Providence Farm Collective, WNY Land Conservancy announce joint $2.3 million capital campaign

Providence Farm CollectiveProvidence Farm Collective

Providence Farm Collective (PFC) and the Western New York Land Conservancy are announcing a joint $2.3 million capital campaign to “Plant the Future of Farming” at PFC’s 37-acre farm it leases in Orchard Park. Once the goal is met, Providence Farm Collective will purchase the farm, protect it forever, add needed facilities and sustain it into the future. They need members of the community to donate to the campaign by Dec. 31, 2022.

Providence Farm Collective (PFC) supports Black, immigrant, refugee and low-income farmers in Western New York who cannot otherwise access farmland. The farmers grow fresh, nutritious produce with cultural significance for their families and communities. Unfortunately, the farmers do not have a permanent farm they can call their own, and every year more of our region’s best farmland is paved over to make way for strip malls and subdivisions. The farmers at Providence Farm Collective need the peace of mind of having their own permanent land.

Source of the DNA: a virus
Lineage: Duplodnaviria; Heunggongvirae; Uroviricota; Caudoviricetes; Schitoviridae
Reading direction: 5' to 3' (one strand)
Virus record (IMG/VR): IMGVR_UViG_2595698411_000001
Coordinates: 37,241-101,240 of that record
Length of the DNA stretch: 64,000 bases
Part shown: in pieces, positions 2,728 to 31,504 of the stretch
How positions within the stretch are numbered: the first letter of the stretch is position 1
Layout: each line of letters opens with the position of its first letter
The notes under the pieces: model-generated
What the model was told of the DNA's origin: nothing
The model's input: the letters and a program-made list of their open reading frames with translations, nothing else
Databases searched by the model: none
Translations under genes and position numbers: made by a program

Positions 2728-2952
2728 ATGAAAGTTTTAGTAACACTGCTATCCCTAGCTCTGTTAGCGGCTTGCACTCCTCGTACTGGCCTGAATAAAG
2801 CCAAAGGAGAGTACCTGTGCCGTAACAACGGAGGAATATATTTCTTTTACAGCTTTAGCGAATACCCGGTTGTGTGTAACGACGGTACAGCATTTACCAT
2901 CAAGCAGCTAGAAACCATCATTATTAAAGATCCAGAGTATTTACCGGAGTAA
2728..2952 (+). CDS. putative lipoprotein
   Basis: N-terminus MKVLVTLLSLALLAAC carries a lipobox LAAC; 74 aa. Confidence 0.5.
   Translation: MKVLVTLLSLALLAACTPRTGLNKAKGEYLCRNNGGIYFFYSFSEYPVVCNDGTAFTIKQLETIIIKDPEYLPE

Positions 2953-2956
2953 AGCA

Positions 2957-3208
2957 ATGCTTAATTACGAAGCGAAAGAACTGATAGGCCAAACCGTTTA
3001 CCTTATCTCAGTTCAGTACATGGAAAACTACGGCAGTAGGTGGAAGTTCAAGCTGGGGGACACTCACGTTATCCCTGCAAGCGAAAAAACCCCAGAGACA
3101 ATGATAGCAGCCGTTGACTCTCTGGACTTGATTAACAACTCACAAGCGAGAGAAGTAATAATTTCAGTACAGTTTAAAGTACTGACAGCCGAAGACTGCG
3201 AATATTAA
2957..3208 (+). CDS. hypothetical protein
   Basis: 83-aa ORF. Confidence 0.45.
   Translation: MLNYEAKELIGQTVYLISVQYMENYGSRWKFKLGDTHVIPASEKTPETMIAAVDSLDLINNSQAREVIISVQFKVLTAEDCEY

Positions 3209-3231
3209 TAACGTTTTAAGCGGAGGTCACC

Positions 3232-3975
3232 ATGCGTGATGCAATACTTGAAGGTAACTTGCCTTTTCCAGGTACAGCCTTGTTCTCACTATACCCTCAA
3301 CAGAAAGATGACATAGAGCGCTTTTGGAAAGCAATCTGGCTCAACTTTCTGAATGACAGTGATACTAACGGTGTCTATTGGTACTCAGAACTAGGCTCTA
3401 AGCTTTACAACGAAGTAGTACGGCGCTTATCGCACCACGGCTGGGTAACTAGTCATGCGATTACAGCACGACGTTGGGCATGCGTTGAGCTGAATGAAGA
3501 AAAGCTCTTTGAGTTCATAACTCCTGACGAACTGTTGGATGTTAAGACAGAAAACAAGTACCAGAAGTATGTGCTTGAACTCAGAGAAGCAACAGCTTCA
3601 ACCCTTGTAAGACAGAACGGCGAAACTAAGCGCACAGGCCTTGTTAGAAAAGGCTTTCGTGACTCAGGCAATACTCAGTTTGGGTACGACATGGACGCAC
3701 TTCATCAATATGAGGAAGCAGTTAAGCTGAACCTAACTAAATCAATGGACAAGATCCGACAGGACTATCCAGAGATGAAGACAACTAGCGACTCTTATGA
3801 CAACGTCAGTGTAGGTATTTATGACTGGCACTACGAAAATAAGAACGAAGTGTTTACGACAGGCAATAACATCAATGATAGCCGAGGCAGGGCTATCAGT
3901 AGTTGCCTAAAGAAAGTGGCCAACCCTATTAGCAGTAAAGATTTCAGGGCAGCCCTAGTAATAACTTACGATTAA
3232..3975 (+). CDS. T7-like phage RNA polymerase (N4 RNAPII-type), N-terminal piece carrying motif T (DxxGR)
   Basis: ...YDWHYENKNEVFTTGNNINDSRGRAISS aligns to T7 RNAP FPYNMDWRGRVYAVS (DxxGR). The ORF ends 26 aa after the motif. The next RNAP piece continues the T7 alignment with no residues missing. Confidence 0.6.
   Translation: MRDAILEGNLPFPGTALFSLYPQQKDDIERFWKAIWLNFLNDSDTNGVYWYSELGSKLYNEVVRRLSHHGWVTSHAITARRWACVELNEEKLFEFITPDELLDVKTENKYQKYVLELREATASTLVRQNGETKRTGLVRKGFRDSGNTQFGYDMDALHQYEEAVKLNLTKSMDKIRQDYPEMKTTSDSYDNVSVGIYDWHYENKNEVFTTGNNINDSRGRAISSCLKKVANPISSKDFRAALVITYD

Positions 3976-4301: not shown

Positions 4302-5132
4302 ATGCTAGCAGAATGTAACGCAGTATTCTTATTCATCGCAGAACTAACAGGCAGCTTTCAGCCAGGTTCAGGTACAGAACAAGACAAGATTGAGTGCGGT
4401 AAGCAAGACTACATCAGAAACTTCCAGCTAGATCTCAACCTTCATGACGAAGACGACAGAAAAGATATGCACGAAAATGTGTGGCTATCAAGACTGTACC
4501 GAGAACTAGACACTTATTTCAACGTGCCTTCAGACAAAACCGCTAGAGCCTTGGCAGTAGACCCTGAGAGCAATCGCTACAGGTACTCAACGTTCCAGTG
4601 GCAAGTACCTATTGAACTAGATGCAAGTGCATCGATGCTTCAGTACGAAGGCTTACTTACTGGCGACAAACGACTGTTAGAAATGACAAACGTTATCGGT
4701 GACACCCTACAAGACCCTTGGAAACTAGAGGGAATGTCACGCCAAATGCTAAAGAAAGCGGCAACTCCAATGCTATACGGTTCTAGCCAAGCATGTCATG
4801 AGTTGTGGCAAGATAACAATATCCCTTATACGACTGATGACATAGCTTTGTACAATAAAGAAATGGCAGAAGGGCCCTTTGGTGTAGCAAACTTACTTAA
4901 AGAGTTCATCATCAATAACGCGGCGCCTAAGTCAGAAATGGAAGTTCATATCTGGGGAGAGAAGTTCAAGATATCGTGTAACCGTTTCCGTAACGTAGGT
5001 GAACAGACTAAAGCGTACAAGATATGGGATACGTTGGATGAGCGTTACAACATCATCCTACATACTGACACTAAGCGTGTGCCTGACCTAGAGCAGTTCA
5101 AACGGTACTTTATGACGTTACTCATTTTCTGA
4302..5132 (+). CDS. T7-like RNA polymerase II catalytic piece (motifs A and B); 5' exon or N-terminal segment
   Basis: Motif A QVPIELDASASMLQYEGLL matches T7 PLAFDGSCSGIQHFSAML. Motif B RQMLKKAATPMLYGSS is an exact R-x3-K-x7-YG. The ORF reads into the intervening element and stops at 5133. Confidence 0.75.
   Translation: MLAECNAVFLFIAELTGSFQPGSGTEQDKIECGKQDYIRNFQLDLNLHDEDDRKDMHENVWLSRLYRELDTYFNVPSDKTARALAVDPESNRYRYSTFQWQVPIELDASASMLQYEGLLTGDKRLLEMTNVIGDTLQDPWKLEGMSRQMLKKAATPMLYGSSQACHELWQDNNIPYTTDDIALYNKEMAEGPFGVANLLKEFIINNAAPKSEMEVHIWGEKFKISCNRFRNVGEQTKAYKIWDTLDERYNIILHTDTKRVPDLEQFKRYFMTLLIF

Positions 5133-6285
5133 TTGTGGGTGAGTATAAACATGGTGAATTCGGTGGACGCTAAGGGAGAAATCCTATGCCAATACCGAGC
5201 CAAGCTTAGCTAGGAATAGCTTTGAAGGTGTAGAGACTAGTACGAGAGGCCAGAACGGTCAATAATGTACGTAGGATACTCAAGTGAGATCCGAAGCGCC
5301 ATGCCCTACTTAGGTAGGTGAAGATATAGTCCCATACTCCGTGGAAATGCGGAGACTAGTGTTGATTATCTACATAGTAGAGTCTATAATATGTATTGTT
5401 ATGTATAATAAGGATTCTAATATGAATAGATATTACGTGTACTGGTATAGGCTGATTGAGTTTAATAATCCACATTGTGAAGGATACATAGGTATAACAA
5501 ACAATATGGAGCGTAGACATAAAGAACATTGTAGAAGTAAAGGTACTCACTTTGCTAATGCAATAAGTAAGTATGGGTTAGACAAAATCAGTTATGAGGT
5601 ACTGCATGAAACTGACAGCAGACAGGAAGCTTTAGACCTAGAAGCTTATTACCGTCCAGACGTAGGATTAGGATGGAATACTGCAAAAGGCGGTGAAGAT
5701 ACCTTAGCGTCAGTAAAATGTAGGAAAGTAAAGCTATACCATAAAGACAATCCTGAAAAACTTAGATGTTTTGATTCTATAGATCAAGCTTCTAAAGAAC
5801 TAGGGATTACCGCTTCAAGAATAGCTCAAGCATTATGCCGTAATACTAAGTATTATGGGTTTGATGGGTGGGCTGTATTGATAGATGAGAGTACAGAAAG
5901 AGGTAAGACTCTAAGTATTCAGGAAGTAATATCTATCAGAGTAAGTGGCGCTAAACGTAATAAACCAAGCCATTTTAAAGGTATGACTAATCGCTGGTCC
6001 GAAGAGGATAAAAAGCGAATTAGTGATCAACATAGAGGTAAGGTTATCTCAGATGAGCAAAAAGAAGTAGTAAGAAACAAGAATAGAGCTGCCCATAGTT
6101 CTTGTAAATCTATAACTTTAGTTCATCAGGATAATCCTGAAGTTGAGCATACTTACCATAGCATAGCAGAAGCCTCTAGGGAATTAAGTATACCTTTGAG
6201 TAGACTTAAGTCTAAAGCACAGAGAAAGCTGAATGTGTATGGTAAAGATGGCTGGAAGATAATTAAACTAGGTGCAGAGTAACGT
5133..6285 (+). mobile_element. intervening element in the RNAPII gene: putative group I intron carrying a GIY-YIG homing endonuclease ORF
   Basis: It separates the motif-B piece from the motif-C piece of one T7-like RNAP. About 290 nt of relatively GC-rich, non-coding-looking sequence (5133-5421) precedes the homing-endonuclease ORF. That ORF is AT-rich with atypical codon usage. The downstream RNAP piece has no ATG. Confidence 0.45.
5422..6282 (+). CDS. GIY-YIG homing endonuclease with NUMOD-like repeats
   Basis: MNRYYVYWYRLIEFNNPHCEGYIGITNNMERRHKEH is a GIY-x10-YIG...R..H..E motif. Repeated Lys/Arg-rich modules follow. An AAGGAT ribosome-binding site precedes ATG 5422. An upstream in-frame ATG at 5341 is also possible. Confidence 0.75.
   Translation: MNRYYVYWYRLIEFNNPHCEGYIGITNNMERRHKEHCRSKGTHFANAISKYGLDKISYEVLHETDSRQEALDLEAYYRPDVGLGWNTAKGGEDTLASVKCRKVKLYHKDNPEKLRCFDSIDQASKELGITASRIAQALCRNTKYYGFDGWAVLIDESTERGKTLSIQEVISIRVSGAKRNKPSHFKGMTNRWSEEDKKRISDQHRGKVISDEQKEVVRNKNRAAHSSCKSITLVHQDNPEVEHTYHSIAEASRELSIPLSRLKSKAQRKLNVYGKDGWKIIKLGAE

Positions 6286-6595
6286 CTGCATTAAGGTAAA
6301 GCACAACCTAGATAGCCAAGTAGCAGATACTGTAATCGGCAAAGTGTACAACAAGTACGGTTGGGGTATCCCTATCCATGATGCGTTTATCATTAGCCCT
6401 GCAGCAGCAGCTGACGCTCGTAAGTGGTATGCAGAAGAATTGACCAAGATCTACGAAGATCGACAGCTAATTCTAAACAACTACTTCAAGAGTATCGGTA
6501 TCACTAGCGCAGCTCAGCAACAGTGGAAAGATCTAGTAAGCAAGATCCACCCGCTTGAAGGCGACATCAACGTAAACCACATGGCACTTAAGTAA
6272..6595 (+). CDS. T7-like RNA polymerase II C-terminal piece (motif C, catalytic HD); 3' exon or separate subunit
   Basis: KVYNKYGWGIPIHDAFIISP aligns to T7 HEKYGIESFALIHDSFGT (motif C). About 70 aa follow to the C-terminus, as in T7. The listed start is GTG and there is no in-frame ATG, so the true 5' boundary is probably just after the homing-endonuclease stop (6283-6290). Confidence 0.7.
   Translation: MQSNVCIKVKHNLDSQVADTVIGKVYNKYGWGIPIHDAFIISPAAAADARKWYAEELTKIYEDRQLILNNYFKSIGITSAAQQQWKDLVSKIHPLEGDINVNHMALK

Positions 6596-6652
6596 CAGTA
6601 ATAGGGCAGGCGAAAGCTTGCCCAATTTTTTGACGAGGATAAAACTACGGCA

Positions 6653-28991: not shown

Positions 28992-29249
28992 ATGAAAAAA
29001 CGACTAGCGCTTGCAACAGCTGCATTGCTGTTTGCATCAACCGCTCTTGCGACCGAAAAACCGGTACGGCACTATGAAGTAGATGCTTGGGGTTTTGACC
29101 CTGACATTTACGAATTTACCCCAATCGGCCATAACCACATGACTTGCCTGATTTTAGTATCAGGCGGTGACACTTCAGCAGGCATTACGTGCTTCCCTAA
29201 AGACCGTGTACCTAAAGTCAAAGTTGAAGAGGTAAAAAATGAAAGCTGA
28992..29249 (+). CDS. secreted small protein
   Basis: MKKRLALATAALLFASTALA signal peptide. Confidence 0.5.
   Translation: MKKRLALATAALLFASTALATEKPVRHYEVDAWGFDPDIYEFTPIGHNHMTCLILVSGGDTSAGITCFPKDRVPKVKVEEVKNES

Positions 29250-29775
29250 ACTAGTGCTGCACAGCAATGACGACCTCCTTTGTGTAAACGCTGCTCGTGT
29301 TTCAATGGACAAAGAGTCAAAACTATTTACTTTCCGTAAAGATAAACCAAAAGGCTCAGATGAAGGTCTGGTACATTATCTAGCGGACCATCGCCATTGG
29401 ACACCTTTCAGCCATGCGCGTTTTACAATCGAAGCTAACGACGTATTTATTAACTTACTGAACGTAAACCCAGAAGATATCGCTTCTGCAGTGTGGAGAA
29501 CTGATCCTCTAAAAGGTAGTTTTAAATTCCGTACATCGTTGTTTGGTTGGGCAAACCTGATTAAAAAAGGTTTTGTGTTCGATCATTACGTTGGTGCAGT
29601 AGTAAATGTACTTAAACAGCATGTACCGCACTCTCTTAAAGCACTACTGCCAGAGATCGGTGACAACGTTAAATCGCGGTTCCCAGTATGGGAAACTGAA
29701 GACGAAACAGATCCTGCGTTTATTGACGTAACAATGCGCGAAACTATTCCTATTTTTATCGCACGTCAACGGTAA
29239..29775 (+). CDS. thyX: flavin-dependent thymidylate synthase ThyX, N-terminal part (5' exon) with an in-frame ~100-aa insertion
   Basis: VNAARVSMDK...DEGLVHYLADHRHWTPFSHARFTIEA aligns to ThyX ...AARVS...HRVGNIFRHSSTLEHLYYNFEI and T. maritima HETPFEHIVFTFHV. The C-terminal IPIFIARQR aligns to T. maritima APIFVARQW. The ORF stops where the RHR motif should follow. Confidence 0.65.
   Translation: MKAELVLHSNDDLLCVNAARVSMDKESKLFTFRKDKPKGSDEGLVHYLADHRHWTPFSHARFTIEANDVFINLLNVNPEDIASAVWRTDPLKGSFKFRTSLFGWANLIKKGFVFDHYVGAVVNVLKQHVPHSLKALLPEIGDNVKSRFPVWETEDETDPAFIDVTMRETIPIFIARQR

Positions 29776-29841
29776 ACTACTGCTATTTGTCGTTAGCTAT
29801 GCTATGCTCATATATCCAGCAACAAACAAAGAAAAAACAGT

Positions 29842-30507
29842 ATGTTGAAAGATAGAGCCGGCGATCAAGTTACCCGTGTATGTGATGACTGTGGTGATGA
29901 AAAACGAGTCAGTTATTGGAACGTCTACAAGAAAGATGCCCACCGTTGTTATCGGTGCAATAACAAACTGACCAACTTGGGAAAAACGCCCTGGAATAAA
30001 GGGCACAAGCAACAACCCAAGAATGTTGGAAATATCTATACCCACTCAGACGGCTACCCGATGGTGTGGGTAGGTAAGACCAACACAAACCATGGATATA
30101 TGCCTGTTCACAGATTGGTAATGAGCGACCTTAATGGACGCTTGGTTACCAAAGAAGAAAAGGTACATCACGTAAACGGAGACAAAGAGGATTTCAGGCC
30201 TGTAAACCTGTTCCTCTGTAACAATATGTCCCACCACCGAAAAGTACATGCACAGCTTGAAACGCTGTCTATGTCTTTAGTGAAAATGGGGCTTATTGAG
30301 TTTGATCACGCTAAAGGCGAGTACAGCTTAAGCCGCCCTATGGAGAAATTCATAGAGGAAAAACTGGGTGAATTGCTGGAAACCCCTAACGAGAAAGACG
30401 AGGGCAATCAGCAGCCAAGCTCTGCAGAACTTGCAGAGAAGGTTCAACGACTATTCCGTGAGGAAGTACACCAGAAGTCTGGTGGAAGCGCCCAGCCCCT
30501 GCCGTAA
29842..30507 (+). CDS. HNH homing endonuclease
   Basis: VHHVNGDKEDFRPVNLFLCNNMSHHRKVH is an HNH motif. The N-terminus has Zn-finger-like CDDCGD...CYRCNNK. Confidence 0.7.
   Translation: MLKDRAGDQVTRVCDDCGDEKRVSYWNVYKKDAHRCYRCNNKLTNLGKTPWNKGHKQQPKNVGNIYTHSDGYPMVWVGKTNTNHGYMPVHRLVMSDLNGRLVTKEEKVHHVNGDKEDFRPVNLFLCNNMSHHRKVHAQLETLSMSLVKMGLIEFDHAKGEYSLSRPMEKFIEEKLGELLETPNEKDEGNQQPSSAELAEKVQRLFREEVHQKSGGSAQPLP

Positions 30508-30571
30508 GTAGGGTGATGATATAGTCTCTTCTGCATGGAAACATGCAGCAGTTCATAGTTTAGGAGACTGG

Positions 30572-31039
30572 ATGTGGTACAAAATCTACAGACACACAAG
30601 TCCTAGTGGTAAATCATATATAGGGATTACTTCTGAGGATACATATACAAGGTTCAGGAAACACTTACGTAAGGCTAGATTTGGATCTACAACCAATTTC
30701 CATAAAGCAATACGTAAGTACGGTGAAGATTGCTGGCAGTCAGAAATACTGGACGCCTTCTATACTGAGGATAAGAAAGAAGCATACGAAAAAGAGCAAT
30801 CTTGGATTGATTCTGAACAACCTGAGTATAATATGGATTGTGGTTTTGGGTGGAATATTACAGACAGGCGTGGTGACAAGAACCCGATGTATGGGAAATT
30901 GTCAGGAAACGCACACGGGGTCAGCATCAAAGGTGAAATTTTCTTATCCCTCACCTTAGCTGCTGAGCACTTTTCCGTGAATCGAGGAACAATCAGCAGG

“Whether you’re from a refugee community or not, food insecurity impacts us all,” says Kristin Heltman-Weiss, board president of Providence Farm Collective. “By empowering our farmers to grow and sell their own food, we’re suggesting a way forward that is sustainable, resilient and equitable. This capital campaign is a milestone for us in our effort to provide access to food and farmland to under-resourced communities, one we hope will become a model across our region and state.”

To Mark Poloncarz, the Erie County Executive, this joint capital campaign also addresses some critical needs in the Buffalo Niagara region. “We’re losing prime farm soils to development,” he says, “and many of our region’s farmers are aging out of the profession, with no one to take over their farms. This campaign helps showcase how our community will meet these challenges — by developing a new generation of farmers who will spur economic growth while supplying our region with the fresh fruits and vegetables we need to address food scarcity here in Western New York.”